Benefits of Disciplinary Teams

The primary benefit of this approach is that you tend to get stable teams of like individuals, which allows them to bond with those of similar skills and experience organizational stability and esprit de corps. Providing this sense of comfort ends up being the key challenge of the other organizational approaches.

The second benefit is that it provides a good degree of standardization across products – if one ops team is creating the infrastructure for various applications, then there will be some efficiencies there.  This is almost always at least partially, and sometimes more than entirely, counteracted in value by the fact that not all apps need the same thing and that centralized teams bottleneck delivery and reduce velocity. I remember the UNIX team that would only provide my Web team expensive servers, even though we were highly horizontally scaled and told them we’d rather have twice as many $3500 servers instead of half as many $7000 servers as it would serve uptime, performance, etc. much better. But progress on our product was offered up upon the altar of nominal cost savings from homogeneity.

The third benefit is that if the horizontal teams are correctly cross-trained, it is easier avoid having single points of failure; by collecting the workers skilled in something into one group, losses are more easily picked up by others in the group. I have to say though, that this benefit is often more honored in the breach in my experience – teams tend to naturally divide up until there’s one expert on each thing and managers who actively maintain a portfolio and drive crosstraining are sadly rare.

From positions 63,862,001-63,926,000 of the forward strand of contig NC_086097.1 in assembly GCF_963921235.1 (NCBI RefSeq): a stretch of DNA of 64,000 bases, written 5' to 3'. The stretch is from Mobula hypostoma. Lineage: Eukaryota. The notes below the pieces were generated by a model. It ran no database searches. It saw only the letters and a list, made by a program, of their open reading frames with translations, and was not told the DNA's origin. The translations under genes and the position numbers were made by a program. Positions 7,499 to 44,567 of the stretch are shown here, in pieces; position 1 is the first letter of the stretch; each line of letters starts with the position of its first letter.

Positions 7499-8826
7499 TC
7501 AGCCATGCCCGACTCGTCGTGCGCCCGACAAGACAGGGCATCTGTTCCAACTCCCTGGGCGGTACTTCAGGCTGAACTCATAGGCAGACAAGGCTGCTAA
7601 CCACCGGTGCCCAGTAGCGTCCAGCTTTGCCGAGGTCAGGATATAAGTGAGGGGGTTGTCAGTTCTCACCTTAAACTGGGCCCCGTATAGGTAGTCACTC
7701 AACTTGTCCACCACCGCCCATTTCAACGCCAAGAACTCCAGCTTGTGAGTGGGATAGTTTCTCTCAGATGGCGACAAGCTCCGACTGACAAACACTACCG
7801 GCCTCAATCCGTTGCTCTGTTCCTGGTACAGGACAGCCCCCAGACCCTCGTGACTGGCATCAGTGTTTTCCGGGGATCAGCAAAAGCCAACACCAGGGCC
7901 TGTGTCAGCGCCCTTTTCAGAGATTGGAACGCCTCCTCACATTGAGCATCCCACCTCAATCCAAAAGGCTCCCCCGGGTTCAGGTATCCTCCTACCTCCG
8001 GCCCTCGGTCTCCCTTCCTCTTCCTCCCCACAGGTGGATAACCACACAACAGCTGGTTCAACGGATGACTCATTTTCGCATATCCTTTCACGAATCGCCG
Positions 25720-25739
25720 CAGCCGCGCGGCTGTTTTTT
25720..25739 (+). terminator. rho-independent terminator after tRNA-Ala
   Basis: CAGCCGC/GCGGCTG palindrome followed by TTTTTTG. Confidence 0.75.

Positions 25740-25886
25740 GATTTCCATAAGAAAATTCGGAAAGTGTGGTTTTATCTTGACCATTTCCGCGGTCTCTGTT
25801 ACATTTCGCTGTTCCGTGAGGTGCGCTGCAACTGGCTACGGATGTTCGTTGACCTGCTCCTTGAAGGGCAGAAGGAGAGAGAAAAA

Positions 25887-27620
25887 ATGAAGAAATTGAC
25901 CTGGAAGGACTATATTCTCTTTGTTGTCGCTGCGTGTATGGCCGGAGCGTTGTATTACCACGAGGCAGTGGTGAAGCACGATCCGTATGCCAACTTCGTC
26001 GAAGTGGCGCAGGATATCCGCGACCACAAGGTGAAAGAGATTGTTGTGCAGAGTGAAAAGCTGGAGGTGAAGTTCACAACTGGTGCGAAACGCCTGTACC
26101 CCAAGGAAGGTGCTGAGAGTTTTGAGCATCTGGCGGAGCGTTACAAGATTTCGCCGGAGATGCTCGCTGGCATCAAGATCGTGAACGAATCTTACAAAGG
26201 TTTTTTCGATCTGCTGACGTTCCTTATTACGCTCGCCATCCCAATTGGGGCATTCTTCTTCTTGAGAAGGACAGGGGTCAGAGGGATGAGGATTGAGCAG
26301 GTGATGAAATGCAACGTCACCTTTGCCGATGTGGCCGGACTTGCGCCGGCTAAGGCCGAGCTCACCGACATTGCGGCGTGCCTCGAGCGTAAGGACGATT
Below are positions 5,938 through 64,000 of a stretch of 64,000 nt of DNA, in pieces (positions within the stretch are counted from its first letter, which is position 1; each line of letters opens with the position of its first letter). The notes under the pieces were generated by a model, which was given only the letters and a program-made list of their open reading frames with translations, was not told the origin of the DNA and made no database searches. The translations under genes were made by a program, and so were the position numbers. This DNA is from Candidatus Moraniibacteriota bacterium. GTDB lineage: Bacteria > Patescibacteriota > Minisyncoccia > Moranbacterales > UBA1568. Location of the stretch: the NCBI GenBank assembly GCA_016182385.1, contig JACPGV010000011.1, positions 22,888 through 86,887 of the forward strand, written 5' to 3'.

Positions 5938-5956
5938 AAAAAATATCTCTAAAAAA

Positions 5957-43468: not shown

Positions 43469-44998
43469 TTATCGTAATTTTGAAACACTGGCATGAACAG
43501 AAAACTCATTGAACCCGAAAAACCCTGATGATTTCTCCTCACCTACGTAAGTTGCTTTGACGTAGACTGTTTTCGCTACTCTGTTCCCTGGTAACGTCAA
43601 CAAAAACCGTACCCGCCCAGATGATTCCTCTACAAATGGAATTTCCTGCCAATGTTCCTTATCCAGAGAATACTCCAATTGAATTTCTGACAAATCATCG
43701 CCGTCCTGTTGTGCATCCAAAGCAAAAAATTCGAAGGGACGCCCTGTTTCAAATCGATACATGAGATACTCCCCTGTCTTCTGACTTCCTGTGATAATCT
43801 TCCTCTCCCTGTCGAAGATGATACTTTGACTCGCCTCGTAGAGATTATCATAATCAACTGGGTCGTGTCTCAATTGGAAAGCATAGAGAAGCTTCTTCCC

Drawbacks of Disciplinary Teams

Conway’s Law is usually invoked to worry about vertical divisions in a product – one part of the UI written by one team, another by another, such that it looks like a Frankenstein’s monster of a product to the end user. However, the principle applies to horizontal divisions as well – these produce more of a Human Centipede, with the issue of one phase becoming the input of the next. The front end may not show any clear sign of division, but the seams in quality, reliability, and agility of the system can grow like a cancer underneath, which users certainly discover over time.

This approach promotes a host of bad behaviors. Pushing work to other people is always tempting, as is taking shortcuts if the results of those shortcuts fall on another’s shoulders. With no end to end ownership of a product, you get finger pointing and no one taking responsibility for driving the excellence of the service – and without an overall system thinking perspective, attempts at one of the teams in that value chain to drive an improvement in their domain often has unintended effects on the other teams in that chain that may or may not result in overall improvement. If engineers don’t eat their own dog food, but pass it on to someone else, then chronic quality problems often result. I personally spent years trying to build process and/or relationships to try to mitigate the dev->QA->ops passing of issues downstream with only mixed success.

Another way of stating this is that shared services teams always provide a route to the tragedy of the commons. Competing demands from multiple customers and the need for “nonfunctional” requirements (performance, availability, etc.) could potentially be all reconciled in priority via a strong product organization – but in my experience this is uncommon; product orgs tend to not care about prioritization of back end concerns and are more feature driven. Most product orgs I have dealt with have been more or less resistant to taking on platform teams, managing nonfunctional requirements, and otherwise interacting with that half of demands on the product. Without consistent prioritization, shared teams then become the focus of a lot of lobbying by all their internal customers trying to get resource. These teams are frequently understaffed and thus a bottleneck to overall velocity.

Ironically, in some cases this can be beneficial – technically, focusing on cost efficiency over delivering new value is always a losing game, but some organizations are self-unaware enough that they have teams continuing to churn out “stuff” without real ROI associated (our team exists therefore we must make more), in which case a bottleneck is actually helpful.